On March 1, 1941, The Saturday Evening Post published “Alcoholics Anonymous: Freed Slaves of Drink, Now They Free Others." The article became a major turning point in the history of Alcoholics Anonymous.
The Journalist Meets Bill W.
The story begins when the owner of The Saturday Evening Post, Judge Curtis Bok, learned of A.A. from two friends. He wanted the Post tell the story of the organization. He called upon a well-known journalist of The Saturday Evening Post, Jack Alexander, to do so.
A.A. co-founder Bill W., eager to publicize the A.A. message, met with Alexander. He gave Alexander access to records and a tour of significant A.A. sights. He also set up interviews both with A.A. members and with nonalcoholic trustees of the General Service Board.
Correspondence between Jack Alexander and Bill W. shows the excitement about the upcoming article. On January 4, 1941, Alexander wrote to Bill W. and enclosed a manuscript of the article for Bill to read. On January 6, Bill replied, and from his response the eagerness for the article’s release is clear. Bill wrote:
Response to the Article
On March 1, 1941, The Saturday Evening Post published the article titled “Alcoholics Anonymous: Freed Slaves of Drink, Now They Free Others."
Following the release of the article, inquiries began to flood in. The small staff of the “A.A. Headquarters,” the precursor to the General Service Office, was busy. On March 12, Ruth Hock, first nonalcoholic secretary of A.A., wrote to Dr. Bob, A.A. co-founder, to update him on events in New York. She said that the office had become swamped with 918 inquiries in 12 days as a direct response to the article.
The offices of The Saturday Evening Post also received a large number of inquiries. A March 26, 1941, bulletin by the Post relays the power behind the article.
The Follow-Up Article in 1950
Eight years after the wildly successful 1941 Saturday Evening Post article, Bill W. wrote to Jack Alexander with a request. Bill W. hoped Alexander would write a follow-up article. On June 8, 1949, Bill W. wrote the following:
Nowadays A.A. rarely asks for publicity. I suppose we still get it in enormous quantities partly for that reason. Yet the time is here when an exception should be made.
The point of this letter is what I would definitely like to ask you folks a favor. Will you print another piece about us?
The general public has only the vaguest idea what our society really looks like. I think they would be interested in an inside view.
From our standpoint, a vital job has to be done. Now that the recovery formula is above ground and working at a prodigious rate, our main problem is that of maintaining our unity as a movement until every drunk in the world has had a good look at the idea.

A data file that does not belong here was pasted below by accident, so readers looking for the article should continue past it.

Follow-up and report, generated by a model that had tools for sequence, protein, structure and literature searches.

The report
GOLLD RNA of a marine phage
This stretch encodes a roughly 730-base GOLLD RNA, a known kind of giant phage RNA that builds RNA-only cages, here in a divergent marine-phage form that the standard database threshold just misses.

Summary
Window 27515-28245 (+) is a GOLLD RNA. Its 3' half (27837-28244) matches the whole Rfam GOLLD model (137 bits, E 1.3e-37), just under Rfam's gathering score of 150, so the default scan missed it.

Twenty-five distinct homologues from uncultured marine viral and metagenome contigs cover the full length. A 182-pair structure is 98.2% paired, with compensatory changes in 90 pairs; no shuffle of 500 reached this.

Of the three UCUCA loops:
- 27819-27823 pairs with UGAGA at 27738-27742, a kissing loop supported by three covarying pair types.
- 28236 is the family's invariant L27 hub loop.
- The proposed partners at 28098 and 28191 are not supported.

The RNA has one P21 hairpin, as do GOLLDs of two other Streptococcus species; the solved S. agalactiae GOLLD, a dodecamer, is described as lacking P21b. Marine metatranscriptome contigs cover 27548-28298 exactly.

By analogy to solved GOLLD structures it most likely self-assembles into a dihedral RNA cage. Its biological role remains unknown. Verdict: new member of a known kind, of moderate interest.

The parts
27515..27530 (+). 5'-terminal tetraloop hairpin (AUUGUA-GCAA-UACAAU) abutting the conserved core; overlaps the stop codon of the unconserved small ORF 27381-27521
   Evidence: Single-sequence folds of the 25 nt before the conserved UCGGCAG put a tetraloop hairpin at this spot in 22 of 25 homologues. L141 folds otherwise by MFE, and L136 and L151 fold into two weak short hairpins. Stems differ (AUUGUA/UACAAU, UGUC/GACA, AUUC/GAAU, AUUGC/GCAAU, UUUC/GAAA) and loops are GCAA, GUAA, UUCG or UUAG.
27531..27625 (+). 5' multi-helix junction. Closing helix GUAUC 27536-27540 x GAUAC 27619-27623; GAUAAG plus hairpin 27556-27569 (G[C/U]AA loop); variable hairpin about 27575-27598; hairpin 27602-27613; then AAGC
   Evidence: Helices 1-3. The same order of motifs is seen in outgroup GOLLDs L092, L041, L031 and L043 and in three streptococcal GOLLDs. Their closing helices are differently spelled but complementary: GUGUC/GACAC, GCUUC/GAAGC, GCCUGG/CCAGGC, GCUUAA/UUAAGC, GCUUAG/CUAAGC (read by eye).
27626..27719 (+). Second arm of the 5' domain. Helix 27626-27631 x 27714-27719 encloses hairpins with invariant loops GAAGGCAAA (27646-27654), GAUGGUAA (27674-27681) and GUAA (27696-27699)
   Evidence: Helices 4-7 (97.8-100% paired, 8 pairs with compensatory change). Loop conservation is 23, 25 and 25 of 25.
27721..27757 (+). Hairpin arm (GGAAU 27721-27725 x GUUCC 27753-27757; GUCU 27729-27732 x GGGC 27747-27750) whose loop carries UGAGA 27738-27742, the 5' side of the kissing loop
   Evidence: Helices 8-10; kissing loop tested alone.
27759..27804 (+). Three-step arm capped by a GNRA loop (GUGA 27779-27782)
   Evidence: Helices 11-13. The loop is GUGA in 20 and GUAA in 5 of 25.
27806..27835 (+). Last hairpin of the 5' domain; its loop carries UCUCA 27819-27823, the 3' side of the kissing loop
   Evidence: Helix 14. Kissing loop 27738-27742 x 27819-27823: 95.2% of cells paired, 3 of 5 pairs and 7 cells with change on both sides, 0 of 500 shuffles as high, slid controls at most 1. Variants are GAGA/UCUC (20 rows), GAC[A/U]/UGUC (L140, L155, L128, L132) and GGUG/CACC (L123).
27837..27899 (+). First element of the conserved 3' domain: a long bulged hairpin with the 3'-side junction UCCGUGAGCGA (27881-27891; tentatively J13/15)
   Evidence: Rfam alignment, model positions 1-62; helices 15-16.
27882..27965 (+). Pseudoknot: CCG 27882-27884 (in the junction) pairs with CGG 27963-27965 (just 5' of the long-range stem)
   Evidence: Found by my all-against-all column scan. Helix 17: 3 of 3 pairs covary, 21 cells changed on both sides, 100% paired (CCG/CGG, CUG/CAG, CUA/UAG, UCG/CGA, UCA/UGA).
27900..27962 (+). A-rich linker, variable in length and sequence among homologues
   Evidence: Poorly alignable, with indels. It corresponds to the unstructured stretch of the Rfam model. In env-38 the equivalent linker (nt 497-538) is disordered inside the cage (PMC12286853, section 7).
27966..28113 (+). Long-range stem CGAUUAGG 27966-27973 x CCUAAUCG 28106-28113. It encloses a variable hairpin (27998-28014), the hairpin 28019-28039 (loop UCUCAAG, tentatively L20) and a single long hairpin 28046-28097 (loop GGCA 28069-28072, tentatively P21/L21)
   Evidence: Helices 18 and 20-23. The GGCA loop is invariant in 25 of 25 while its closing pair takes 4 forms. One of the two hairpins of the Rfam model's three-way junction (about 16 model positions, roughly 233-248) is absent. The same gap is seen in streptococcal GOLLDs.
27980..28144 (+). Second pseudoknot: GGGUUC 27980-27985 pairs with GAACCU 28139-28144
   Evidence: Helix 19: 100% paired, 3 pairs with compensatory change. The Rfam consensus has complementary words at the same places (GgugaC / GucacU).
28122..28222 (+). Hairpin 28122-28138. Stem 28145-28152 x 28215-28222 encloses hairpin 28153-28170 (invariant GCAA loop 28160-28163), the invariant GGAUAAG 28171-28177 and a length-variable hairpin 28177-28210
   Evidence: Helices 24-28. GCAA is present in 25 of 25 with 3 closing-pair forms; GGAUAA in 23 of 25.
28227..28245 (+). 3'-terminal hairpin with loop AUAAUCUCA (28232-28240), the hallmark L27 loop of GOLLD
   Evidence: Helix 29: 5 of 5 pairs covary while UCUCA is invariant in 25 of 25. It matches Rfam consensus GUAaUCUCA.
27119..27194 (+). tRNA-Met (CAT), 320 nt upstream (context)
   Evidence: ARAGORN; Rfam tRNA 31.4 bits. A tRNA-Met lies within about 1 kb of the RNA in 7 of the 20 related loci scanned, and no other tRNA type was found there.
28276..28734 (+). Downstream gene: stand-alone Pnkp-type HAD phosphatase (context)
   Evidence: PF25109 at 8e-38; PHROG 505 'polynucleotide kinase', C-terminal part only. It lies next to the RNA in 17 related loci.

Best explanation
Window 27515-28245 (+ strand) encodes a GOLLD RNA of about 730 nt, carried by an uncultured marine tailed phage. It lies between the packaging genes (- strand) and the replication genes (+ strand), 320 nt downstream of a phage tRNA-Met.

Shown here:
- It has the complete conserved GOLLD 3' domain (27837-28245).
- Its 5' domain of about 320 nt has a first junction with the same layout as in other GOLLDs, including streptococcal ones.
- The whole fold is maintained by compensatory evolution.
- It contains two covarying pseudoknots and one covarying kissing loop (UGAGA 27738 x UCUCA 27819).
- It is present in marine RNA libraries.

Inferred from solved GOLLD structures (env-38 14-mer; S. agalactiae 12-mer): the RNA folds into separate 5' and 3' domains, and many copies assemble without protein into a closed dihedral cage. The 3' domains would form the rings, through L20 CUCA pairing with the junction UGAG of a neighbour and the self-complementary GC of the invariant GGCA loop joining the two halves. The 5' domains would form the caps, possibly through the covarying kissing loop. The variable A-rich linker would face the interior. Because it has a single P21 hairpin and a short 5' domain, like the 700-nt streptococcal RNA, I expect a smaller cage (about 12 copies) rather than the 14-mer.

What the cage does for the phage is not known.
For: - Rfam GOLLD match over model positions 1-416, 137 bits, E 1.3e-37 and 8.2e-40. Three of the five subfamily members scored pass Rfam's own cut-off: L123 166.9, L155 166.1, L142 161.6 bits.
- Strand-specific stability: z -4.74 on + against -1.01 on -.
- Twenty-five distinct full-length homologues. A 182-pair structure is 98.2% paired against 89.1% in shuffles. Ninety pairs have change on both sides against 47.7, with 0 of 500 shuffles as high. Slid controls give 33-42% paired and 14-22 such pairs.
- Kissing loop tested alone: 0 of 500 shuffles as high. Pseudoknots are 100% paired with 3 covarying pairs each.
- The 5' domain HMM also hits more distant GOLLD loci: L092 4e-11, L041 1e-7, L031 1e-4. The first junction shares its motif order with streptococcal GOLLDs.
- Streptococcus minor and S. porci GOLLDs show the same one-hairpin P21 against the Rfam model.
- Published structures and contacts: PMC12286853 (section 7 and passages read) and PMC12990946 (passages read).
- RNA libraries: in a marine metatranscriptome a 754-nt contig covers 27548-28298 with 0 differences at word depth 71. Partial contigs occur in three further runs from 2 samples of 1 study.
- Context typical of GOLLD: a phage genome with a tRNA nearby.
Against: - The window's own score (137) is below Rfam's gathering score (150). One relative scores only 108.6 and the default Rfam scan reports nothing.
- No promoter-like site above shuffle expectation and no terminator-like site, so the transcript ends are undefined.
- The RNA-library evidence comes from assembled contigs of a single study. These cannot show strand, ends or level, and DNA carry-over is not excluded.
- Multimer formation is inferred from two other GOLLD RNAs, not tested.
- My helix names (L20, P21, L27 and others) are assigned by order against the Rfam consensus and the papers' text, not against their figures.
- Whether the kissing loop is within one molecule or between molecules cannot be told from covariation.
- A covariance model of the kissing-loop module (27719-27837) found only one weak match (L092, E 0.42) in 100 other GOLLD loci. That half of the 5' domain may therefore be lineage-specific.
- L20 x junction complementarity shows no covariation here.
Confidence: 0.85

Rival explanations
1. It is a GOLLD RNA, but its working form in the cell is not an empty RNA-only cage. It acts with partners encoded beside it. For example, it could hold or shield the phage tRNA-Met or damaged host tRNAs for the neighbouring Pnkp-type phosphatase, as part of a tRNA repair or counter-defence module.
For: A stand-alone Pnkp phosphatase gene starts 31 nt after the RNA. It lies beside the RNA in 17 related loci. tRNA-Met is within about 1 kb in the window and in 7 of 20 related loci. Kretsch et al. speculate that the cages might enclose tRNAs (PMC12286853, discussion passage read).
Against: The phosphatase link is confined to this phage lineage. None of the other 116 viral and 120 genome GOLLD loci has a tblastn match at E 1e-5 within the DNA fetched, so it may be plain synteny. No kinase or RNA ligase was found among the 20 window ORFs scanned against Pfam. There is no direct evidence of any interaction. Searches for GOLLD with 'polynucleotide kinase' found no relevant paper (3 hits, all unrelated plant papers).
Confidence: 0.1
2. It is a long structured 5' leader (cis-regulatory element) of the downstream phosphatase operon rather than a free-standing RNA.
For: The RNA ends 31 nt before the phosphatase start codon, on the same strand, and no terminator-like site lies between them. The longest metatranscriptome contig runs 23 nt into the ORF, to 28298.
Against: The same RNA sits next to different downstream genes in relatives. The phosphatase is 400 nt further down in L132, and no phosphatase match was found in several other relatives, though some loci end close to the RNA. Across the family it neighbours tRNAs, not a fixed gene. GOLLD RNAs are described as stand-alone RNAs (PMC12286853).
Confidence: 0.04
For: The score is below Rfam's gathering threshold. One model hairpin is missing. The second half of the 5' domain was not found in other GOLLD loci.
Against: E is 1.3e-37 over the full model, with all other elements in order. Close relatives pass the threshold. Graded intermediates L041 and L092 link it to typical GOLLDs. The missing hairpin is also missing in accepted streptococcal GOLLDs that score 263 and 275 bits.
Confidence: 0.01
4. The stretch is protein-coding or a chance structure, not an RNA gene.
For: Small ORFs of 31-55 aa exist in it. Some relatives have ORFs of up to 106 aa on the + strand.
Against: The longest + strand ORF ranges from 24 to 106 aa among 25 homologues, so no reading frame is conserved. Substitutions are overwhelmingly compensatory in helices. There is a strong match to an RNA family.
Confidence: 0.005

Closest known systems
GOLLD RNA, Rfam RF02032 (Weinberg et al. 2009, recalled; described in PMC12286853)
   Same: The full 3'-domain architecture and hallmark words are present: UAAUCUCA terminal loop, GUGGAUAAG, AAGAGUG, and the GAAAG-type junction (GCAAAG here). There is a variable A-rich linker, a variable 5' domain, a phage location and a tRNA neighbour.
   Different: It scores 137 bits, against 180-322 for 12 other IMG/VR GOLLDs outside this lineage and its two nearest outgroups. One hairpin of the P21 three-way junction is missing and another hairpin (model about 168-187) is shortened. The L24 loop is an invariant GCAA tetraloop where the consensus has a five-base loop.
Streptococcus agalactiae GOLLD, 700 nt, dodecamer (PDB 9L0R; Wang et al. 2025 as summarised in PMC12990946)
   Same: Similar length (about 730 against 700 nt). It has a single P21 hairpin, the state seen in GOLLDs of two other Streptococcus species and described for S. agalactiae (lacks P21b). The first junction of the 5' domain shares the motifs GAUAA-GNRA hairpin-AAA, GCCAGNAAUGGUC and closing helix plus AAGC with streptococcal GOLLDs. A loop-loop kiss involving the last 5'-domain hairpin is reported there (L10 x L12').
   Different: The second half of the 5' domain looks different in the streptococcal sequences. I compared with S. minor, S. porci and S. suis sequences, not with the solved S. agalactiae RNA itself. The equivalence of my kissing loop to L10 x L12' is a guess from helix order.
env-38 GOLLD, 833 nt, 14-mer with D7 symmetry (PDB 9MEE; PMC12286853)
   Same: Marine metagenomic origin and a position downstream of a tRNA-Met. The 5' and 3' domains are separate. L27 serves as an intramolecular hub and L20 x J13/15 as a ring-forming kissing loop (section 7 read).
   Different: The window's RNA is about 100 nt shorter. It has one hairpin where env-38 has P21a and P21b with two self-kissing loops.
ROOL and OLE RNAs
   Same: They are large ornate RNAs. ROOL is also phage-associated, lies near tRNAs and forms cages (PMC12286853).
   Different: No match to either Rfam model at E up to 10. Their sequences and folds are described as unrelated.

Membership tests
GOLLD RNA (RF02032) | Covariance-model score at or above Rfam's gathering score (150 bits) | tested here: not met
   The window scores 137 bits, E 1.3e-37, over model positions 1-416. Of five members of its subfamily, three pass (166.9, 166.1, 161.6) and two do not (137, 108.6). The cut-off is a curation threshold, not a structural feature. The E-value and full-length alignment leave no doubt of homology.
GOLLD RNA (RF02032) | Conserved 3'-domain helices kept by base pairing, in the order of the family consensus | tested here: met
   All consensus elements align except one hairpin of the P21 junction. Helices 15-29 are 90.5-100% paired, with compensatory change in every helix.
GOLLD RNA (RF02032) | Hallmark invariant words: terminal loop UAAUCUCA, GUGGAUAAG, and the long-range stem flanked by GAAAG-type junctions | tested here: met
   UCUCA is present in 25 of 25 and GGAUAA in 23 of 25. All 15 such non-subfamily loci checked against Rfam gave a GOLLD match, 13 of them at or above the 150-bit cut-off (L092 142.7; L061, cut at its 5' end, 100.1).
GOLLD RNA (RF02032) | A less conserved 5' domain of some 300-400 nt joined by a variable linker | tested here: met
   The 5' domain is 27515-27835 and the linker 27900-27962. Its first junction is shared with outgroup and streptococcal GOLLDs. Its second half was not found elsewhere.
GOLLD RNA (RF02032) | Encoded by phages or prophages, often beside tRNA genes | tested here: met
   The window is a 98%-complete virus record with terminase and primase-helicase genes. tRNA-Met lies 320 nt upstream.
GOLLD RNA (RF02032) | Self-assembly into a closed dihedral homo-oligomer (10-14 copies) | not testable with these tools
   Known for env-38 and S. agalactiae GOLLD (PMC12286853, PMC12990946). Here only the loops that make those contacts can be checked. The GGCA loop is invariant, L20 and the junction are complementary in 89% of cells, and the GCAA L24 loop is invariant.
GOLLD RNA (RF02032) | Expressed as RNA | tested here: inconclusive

So then, if John Q. Public could get an inside view of what our fellowship is really like, and it could become quite clear to him what good A.A.’s do and what they don’t do in their relationships with each other and with the outside world, the Saturday Evening Post would have written an insurance policy on our future, the value of which no men could ever reckon.”
On June 9, Jack Alexander replied that he had always thought about writing a follow-up but had never gotten around to it. He also writes that there is trouble with the idea and says:
On December 13, 1949 Bill W. wrote to Jack Alexander outlining the major turning points in the A.A. movement. This included the decision to leave the Oxford Group and Rockefeller affirming that their work should be self-supporting. He also mentioned the formation of the Alcoholic Foundation and the first two chapters of the Big Book.
For the next few months Bill W. and Jack Alexander corresponded regarding corrections to the article. Finally, eight months after Bill W. proposed the idea to Alexander for a follow-up, the article was released. “The Drunkard’s Best Friend” was published in the April 1, 1950 issue of The Saturday Evening Post.
“The Drunkard’s Best Friend” was a success, just as its predecessor was. On April 22, 1950, Bill W. wrote to Ben Bibbs, editor of The Saturday Evening Post. He praised Jack Alexander and the two articles. Bill wrote:
We of Alcoholics Anonymous wish to tell how immensely grateful every man-jack of us is for this happy circumstance. It is not the least exaggeration to say that Jack’s ‘Alcoholics Anonymous’ article of nine years ago brought recovery within the reach of 10,000 alcoholics and great happiness to as many homes. Since the public impression of this last piece of Jack’s is tops, we make no doubt that it will accomplish a fine result.
We know that the whole world will one day agree that these two articles of Jack’s about A.A. are to be regarded the greatest public service the Saturday Evening Post has ever done. And that’s saying a great deal, indeed.”
Jack Alexander’s Articles Still Appreciated
Jack Alexander passed away in 1975. In his West Texas Register obituary, he was credited as the newspaperman who made “Alcoholics Anonymous a major organization by the articles he wrote about its work.”
Today, the General Service Office Archives still receives inquiries requesting both articles. You can read the 1941 article by Jack Alexander here.